I’VE BEEN WORKIN’ ON THE RAILROAD

A communist worker describes the struggle to build militancy and overcome racism in trade unions in the 1950s-60s

By Wally Linder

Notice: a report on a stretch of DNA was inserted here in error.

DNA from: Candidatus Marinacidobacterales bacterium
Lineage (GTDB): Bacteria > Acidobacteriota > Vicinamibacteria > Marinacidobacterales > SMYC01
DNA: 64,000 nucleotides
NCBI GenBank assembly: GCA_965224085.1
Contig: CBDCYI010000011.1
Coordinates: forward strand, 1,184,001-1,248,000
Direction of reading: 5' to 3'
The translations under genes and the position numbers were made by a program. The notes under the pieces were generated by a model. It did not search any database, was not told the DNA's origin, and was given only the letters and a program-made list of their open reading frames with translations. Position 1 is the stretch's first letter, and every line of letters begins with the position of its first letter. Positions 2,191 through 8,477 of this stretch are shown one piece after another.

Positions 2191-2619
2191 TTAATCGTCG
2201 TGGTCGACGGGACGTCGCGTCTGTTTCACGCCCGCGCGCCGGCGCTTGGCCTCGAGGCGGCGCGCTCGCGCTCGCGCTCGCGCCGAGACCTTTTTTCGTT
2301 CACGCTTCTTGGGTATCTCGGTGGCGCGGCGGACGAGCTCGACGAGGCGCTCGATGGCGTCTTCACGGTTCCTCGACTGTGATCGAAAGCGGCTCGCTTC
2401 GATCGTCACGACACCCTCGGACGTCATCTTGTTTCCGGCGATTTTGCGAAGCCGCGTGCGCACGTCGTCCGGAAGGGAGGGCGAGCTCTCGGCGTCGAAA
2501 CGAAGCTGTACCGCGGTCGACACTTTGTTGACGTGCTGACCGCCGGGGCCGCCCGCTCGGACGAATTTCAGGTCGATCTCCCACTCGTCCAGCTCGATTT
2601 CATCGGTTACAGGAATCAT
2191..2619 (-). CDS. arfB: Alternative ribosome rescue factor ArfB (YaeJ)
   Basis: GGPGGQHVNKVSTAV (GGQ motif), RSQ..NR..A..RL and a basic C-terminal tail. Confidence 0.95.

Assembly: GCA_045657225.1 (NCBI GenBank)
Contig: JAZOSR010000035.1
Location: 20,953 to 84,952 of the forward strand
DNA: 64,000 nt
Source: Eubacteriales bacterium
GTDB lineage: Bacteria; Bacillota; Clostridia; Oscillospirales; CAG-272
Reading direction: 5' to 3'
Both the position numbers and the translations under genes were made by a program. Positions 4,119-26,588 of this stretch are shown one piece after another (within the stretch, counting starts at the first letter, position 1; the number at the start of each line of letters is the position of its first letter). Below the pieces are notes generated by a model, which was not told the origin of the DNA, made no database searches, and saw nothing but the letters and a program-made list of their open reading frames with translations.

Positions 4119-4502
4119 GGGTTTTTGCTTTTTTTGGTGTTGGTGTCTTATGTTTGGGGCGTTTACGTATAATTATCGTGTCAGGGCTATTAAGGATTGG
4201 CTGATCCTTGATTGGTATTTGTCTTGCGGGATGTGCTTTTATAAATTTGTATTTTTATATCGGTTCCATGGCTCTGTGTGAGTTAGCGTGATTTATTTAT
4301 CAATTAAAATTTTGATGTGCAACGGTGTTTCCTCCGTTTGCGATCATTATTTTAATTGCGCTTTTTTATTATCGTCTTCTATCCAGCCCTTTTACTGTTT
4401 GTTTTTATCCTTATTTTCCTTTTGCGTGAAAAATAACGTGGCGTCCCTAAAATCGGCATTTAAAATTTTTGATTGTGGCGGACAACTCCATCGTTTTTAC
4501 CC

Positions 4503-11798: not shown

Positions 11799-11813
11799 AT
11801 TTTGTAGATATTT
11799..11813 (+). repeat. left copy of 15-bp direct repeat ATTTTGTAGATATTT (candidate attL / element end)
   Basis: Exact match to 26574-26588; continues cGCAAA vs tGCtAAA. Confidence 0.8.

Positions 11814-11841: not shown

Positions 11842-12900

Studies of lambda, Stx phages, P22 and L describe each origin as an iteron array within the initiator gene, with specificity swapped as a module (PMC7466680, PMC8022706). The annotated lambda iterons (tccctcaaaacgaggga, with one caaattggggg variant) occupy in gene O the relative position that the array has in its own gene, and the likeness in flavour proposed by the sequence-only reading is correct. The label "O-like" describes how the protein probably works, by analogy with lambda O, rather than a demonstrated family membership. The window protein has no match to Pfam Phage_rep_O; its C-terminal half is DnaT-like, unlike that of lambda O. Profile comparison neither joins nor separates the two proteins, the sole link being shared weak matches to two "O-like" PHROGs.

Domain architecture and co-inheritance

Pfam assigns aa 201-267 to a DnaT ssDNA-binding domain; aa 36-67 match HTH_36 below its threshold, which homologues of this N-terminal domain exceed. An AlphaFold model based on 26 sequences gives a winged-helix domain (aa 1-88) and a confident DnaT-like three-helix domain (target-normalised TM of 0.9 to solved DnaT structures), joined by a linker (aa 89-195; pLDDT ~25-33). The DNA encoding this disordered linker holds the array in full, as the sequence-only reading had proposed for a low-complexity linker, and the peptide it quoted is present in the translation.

In the 1950s, in order to move the working class to the left, the US Communist Party’s (CP) policy of industrial concentration aimed to build a mass base especially in the basic industries, those areas which held the lifeblood of the country in their hands: auto, steel, electrical, railroad and so on. So in that summer of 1953, I sought a job in auto plants, in GM Tarrytown, N.Y. and Ford in New Jersey but without success, but I soon was hired on the Baltimore & Ohio where I would spend the next decade. I later discovered that the CP had a railroad section comprising 65 members in 13 party clubs on 13 different roads in various crafts. Metropolitan New York’s 90,000 railroad workers comprised the second largest rail center in the US, next to Chicago’s. As it turned out, it became among the most rewarding and exciting decades of my seventy adult years, when I started “workin’ on the railroad.” Continue reading “I’VE BEEN WORKIN’ ON THE RAILROAD”